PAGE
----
Touching the Wounded God

Michael Smither, "Doubting Thomas"

Michael Smither, “Doubting Thomas”

Today is the feast of St. Thomas, particularly beloved by all who have experienced his doubts and longed for the reassurance of concrete evidence. Here’s the story as John tells it:

But Thomas (who was called the Twin), one of the twelve, was not with them when Jesus came. So the other disciples told him, “We have seen the Lord.” But he said to them, “Unless I see the mark of the nails in his hands, and put my finger in the mark of the nails and my hand in his side, I will not believe.”

A week later his disciples were again in the house, and Thomas was with them. Although the doors were shut, Jesus came and stood among them and said, “Peace be with you.” Then he said to Thomas, “Put your finger here and see my hands. Reach out your hand and put it in my side. Do not doubt but believe.” Thomas answered him, “My Lord and my God!” Jesus said to him, “Have you believed because you have seen me? Blessed are those who have not seen and yet have come to believe.” (John 20:24-29)

Anglican poet Malcolm Guite has an interesting take on the story. Calling Thomas the “courageous master of the awkward question” and “father of my faith,” he sees him cutting through evasion and abstraction. Rather than seconding Jesus in his admonition that “blessed are those who have not seen and yet come to believe,” Guite celebrates the seeing and the touching.

In doing so, he chooses the world-embracing rather than the world-denying tradition of Christianity. Many of the most “touching” moments in the Gospels occur when Jesus physically touches people, applying mud to a blind man’s eyes or washing the feet of his disciples. The poet notes that Jesus’s instructions are to continue his mission of touching. When we “reach out” to other people in the name of Jesus, we touch Jesus:

Your teaching is to touch, embrace, anoint,
Feel after Him and find Him in the flesh.

Here’s the poem:

A Sonnet for St. Thomas the Apostle

By Malcolm Guite

We do not know… how can we know the way?”
Courageous master of the awkward question,
You spoke the words the others dared not say
And cut through their evasion and abstraction.
Oh doubting Thomas, father of my faith,
You put your finger on the nub of things
We cannot love some disembodied wraith,
But flesh and blood must be our king of kings.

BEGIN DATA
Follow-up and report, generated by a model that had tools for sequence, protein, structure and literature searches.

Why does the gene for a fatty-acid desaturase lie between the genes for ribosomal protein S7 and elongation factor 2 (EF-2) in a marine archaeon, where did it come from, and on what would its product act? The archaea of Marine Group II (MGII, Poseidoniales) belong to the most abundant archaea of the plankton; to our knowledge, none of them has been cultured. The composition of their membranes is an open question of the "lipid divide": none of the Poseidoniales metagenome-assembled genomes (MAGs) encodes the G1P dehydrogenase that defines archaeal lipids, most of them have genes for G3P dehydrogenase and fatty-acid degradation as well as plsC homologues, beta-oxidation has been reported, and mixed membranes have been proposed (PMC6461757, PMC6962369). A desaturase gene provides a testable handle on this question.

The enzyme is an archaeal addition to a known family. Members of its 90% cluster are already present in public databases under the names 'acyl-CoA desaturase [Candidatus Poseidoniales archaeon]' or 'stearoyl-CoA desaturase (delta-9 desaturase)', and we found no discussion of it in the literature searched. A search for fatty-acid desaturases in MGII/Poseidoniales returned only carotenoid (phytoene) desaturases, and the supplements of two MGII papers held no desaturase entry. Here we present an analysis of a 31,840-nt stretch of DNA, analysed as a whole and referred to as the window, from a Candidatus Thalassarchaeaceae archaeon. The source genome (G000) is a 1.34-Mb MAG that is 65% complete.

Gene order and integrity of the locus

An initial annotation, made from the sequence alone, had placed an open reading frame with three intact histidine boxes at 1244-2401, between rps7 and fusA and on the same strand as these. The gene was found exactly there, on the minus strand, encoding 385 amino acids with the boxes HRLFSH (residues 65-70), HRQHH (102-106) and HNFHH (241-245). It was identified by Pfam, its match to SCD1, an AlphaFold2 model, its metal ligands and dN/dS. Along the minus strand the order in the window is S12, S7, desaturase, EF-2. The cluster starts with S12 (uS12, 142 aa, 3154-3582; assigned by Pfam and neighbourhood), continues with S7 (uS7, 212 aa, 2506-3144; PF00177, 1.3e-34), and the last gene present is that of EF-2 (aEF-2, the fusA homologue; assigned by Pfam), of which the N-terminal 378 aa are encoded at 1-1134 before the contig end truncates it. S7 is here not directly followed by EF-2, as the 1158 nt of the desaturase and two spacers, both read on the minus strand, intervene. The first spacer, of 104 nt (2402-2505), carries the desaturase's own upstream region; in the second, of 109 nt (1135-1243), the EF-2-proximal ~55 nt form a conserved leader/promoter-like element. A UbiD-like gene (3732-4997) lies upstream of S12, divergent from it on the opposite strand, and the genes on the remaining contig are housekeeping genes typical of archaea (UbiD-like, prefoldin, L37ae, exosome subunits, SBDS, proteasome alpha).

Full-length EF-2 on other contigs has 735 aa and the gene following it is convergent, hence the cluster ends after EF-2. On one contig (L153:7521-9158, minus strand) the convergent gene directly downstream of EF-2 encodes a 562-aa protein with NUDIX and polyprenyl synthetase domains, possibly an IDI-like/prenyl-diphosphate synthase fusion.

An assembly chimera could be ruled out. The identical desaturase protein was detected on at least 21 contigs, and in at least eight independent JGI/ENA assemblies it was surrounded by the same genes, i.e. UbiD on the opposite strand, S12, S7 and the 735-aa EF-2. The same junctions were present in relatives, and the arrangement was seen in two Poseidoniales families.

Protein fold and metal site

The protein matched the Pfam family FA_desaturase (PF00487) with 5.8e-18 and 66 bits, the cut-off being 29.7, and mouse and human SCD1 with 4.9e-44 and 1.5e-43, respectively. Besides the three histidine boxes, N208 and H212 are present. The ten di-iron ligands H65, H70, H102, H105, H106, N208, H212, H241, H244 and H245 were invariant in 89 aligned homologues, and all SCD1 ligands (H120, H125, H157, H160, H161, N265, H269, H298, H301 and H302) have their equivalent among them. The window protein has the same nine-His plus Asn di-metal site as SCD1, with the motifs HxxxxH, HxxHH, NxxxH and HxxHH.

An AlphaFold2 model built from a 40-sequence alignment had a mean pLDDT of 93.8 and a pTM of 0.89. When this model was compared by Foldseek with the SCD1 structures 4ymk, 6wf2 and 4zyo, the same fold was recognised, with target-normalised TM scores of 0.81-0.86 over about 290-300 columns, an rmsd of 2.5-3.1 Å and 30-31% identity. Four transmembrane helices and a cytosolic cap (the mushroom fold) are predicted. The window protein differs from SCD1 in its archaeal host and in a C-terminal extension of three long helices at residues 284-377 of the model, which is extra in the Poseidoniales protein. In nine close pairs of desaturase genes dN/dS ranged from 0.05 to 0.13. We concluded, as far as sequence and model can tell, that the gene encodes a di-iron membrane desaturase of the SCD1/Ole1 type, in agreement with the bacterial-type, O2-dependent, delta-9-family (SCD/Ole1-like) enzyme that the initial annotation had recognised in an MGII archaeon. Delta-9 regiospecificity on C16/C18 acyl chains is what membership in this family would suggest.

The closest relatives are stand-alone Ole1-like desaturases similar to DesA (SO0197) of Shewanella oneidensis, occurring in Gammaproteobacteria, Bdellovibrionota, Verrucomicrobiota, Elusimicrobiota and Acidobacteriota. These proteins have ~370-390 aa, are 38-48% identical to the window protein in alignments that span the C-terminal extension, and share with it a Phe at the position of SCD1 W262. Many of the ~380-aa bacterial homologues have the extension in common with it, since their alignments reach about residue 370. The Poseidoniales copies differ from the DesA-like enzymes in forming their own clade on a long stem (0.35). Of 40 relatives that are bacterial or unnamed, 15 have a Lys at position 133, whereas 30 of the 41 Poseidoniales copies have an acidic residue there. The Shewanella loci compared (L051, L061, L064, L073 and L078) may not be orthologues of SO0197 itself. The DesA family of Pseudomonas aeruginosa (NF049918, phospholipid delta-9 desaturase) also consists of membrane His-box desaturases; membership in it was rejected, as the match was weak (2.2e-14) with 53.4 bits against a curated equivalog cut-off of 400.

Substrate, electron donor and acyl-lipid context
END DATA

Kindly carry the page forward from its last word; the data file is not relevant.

Your teaching is to touch, embrace, anoint,
Feel after Him and find Him in the flesh.
Because He loved your awkward counter-point
The Word has heard and granted you your wish.
Oh place my hands with yours, help me divine
The wounded God whose wounds are healing mine.

Reading the poem gets me to rethink Jesus’s initial encounter with Mary Magdalene a few verses earlier. At that moment touching is denied her:

Jesus saith unto her, Touch me not; for I am not yet ascended to my Father: but go to my brethren, and say unto them, I ascend unto my Father, and your Father; and to my God, and your God. (John 20:17).

Joyous although the moment is, I can imagine Mary being frustrated that she can’t take Jesus in her arms. After all, it is the touching and eating that makes the disciples’ later breakfast on the beach with Jesus seem so intimate (Luke 24:37-43):

[The disciples] were startled and frightened, thinking they saw a ghost.  He said to them, “Why are you troubled, and why do doubts rise in your minds? Look at my hands and my feet. It is I myself! Touch me and see; a ghost does not have flesh and bones, as you see I have.”

When he had said this, he showed them his hands and feet. And while they still did not believe it because of joy and amazement, he asked them, “Do you have anything here to eat?” They gave him a piece of broiled fish, and he took it and ate it in their presence.

When the Word becomes flesh and dwells among us, we can’t then simply ignore the flesh. If God so loved the world that He gave us his only begotten son, then we can love this world as well. Or as Guite puts it,

We cannot love some disembodied wraith
But flesh and blood must be our king of kings.

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